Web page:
Dylan did not speak a word during the entire performance. After “Autumn Leaves,” he and the band left the stage, to return after the audience called for an encore. The band played two more songs, both fascinating choices. First was a nearly unrecognizable “Blowin’ In the Wind” – the last vestige of Dylan’s old, old millenarian optimism, offered perhaps as nothing more than a cruel joke at the expense of hopes for peace in a world of men beginning once more to tear at each other’s throats. Second, and finally, was “Ballad Of A Thin Man,” that strangest of songs from “Highway 61.” Most famous perhaps for its marking of a high-water point in Dylan’s absurdist songwriting style (including, as it does, the rather unfortunate line “Now you see this one-eyed midget / Shouting the word ‘NOW’”), and a surprising choice of finishing song, I considered it as a political song for the first time that night.

The song mocks the titular thin man, who despite thinking himself clever, finds himself at a loss as a gallery of social outcasts torment him, trying to convince him he’s one of them. “Because something is happening here, / But you don’t know what it is / Do you, Mister Jones?” the song’s chorus insists. Is the thin man an establishment politician – a moderate Republican, a Clintonite Democrat, a Europhile Tory – confounded by the gallery of sneering populists? Or is the thin man Donald Trump, convinced of his own superiority but tormented by judges, his own party, and a persistent inability to quite grasp exactly what that “something” that’s happening is? The line itself sounds almost like something he’d say.

Regardless, the song’s indictment, maybe originally meant to criticize the 1960s intellectual who finds himself unable to understand the monstrous new evolutions of American culture (like, perhaps, Jack Kerouac, betrayed by the counterculture movement he helped found), applies now to all of us as affiliates of Stanford, card-carrying members of the cosmopolitan intelligentsia, all of us who failed to apprehend, and later to understand, the monstrous surge of fury of 2016, the grotesque figures of the new populism. It is not an optimistic note to end on.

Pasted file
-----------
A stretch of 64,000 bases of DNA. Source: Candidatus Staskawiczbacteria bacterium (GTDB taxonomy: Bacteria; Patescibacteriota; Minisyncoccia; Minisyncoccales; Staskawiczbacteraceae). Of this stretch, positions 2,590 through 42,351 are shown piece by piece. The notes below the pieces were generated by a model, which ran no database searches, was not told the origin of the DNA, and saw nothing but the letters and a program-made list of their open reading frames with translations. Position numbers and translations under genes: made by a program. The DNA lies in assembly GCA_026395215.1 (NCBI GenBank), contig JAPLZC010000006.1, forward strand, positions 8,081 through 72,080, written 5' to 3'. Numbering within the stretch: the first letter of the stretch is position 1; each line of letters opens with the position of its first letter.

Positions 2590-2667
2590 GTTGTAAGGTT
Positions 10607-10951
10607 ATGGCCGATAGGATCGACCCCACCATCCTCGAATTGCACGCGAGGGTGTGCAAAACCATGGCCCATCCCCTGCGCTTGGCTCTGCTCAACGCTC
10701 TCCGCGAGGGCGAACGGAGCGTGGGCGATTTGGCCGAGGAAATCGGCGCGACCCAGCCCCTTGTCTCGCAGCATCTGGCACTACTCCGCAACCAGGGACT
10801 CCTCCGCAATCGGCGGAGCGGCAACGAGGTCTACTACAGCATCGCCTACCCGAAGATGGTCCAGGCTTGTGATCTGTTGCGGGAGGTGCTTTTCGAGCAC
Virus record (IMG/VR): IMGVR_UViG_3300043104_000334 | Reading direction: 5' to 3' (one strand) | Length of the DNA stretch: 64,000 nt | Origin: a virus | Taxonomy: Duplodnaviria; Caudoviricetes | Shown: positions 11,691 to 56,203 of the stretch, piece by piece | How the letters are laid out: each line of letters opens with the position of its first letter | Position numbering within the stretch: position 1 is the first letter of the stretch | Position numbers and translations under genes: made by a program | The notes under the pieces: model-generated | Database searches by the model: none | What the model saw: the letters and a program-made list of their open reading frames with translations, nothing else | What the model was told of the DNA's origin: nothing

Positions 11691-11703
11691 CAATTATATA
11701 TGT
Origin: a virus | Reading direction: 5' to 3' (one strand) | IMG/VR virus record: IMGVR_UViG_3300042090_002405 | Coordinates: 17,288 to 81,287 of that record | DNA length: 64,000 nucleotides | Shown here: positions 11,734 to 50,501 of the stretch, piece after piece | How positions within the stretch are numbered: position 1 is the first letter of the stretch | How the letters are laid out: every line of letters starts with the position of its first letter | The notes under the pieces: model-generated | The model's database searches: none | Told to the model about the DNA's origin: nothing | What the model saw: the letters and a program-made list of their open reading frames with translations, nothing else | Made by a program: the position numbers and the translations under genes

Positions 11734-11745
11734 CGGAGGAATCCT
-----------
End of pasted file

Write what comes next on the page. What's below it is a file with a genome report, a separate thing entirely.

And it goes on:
Finished with the song, Dylan stood up from the piano and stood with the band in front of their instruments. They did not bow or gesture to the audience but merely stood there, like workers looking upon a day’s work, proud; or else like men facing a firing squad. The light fell on Dylan’s hat, his face hidden in shadow. One could barely make out his curved mustache which further concealed that cruel mouth. Did I see a glimmer in one eye? He turned, and the men of the band walked out behind the curtain. The lights went on. I wandered like a dreamer down Oxford Street towards the bus back to Oxford.

Contact Nick Burns at njburns ‘at’


Updated June 6, 2017: An earlier version of this article mistakenly claimed that “Things Have Changed” was released in 2006. It was released as a single in 2000.

Nick Burns '18 is a history major from Ventura. He writes on rock music, the Greeks, contemporary politics, and literature for several campus publications. He also serves as Prose and Poetry Editor for Leland Quarterly, Stanford's literary review.